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    UK inflation rises to 1% hitting a 22 month high

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    The UK’s inflation rate rose to 1% in September, its highest level in 22 months, indicating that the sterling’s declining value has begun to hit import prices. The slump in the value of the pound following the referendum result reflects investors’ fears of the economic state of the UK following the Brexit vote, with the BBC reporting today that the pound is now the world’s worst performing currency of 2016 [http://www.bbc.co.uk/news/business-37676869].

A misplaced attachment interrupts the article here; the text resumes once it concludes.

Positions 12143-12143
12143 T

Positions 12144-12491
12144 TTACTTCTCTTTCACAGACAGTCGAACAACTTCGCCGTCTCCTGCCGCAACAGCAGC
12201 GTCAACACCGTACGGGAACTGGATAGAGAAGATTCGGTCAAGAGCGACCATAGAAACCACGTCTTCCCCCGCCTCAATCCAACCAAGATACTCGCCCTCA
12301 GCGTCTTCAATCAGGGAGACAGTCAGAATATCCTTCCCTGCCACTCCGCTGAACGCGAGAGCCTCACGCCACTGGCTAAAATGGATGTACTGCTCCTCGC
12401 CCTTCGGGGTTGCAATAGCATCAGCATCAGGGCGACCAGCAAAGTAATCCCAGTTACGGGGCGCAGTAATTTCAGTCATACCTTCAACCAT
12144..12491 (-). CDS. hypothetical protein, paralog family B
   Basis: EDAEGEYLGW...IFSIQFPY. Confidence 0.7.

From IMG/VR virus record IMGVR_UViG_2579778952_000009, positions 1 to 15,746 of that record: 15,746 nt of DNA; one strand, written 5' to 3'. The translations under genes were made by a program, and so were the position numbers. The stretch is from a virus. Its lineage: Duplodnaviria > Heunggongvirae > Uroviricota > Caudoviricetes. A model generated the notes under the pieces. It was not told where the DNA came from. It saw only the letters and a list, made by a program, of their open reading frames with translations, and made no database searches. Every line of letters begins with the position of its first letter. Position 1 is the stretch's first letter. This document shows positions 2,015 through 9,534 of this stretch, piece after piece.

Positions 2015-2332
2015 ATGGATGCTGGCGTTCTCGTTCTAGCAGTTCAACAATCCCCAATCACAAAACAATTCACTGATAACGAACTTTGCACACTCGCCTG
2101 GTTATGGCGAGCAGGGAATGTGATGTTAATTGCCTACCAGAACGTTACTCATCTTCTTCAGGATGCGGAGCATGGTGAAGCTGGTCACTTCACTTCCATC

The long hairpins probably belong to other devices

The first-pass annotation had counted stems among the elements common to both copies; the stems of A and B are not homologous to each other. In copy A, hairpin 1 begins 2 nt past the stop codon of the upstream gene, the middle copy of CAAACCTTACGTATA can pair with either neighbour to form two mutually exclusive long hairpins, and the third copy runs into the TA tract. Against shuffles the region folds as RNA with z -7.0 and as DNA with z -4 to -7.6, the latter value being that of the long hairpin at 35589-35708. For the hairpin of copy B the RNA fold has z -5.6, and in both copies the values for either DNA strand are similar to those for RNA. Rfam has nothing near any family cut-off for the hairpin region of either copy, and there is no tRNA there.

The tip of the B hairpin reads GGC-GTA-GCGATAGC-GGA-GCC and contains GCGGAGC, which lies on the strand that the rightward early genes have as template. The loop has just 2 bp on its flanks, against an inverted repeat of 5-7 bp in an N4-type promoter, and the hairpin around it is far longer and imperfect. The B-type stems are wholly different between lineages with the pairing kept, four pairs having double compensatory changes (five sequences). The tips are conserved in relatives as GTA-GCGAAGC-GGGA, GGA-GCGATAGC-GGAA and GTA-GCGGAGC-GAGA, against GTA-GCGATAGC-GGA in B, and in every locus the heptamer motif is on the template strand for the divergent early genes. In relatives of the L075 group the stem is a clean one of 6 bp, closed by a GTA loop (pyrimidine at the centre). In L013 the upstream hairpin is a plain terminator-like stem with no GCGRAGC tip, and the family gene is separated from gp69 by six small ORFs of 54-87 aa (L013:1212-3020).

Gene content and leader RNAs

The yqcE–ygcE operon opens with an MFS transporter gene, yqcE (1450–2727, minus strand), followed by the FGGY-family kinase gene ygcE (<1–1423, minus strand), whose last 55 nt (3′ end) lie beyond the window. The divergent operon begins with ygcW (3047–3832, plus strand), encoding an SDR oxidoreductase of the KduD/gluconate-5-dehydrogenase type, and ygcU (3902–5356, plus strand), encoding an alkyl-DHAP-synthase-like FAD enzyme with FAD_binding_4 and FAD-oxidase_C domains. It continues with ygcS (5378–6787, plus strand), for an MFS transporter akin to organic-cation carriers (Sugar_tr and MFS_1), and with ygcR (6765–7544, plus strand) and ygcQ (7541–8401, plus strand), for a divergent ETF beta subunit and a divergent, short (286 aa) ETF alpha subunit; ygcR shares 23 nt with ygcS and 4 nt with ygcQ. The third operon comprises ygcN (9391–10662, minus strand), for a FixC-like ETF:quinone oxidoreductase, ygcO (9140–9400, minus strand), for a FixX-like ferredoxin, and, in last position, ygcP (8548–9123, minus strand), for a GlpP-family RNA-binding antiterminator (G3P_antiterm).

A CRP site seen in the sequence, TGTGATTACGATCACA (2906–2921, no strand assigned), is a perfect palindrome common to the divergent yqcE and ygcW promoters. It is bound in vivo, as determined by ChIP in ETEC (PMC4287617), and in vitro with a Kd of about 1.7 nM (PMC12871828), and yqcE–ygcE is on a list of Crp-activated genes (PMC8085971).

Despite the Office for National Statistics stating that there was “no explicit evidence the lower pound is pushing up prices of everyday consumer goods”, analysts are pointing to higher prices on imported goods, such as clothing and petrol, as indicative of the impact of Brexit on the UK’s inflation. The price of clothing rose 6% in September, whilst last week saw the price of unleaded petrol rise to its highest level in more than a year. Economists are warning shoppers that prices of consumer goods will continue to rise in the upcoming months, and are predicting that inflation could rise to between 3% and 4% in 2018.

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